Editorial: Bus service on track but boost is needed

Last updated 12:58 18/03/2014

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Nelson's revamped bus service is showing steady progress two years down the track, but is still making little impact on traffic congestion.

The Nelson City Council took a calculated risk in 2012 by upgrading buses and adding new routes. To do so it had to subsidise a new contract with parking revenue and general rates, totalling around $380,000 annually.

Passenger fares and central transport subsidies make up the remainder of the funding.

The positive news from a review released this month is patronage on the NBus service is increasing about 15 per cent annually, and up to 25 per cent on the Bishopdale route to Richmond.

The two Richmond-Nelson routes - the other is via Tahunanui - make up almost 90 per cent of the total patronage, and are close to making a commercial return.

It's a different story on the four city routes. The Brook route covers only 15 per cent of its costs through fares, known as the farebox recovery rate, and has an average of 2.3 passengers per trip. The Washington Valley-Tahunanui route has an 11 per cent recovery and 5.1 passengers a trip.

A council report says they appear to have little potential to be improved, but they do cater for the "transport disadvantaged".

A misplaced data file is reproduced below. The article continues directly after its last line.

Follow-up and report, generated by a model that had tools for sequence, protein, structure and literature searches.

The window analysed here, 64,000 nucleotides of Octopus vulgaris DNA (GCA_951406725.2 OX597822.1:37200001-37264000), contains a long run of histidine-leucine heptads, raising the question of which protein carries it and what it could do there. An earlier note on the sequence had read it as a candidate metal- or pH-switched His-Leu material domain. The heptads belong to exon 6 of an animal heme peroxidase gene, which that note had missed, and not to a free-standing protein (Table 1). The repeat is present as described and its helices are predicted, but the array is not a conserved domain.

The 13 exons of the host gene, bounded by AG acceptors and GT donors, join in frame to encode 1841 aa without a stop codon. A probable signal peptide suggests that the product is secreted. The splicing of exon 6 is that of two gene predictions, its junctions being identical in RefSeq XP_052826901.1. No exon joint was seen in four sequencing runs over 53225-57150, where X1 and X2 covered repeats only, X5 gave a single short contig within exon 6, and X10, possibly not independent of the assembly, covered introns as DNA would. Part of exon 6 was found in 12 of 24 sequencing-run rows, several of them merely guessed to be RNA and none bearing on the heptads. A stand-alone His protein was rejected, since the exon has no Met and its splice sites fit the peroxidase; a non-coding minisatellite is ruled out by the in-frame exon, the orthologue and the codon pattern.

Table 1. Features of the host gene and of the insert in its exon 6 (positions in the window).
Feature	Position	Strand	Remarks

The public good and the environmental benefits are strong reasons to back buses, and the council will not make any major timetable changes yet. However, they are reducing the number of early morning and evening trips on the Atawhai, Brook and Victory routes, and increasing the weekend services to Richmond.

Overall, the strength of the Richmond routes means Nelson's farebox recovery is 77 per cent, the highest in the country.

But there are a number of reasons why the service can and should be improved.

At present bus passengers make up only about two per cent of people travelling between Nelson and Richmond, showing both the potential growth for the service and the challenge to get people out of their cars.

Rising petrol prices and congestion may play a role in encouraging the swap, but the Tasman District Council should also get on board.

New Nelson councillors were aghast to find Tasman contributed $10,000 to the late bus service only, prompting some to accuse their neighbours of "freeloading". With 30 per cent of bus travel beginning or ending in Richmond, and its population predicted to increase, there is a strong case for Tasman to pay its share - about $31,000 a year.

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Tasman Mayor Richard Kempthorne says his district already contributes to a number of projects in Nelson City, both to capital and operating costs, and there were issues over the new bus service's "efficacy". But that has surely been proven, and it is in both councils' interests to keep improving a growing link between the centres while reducing congestion.

- Nelson

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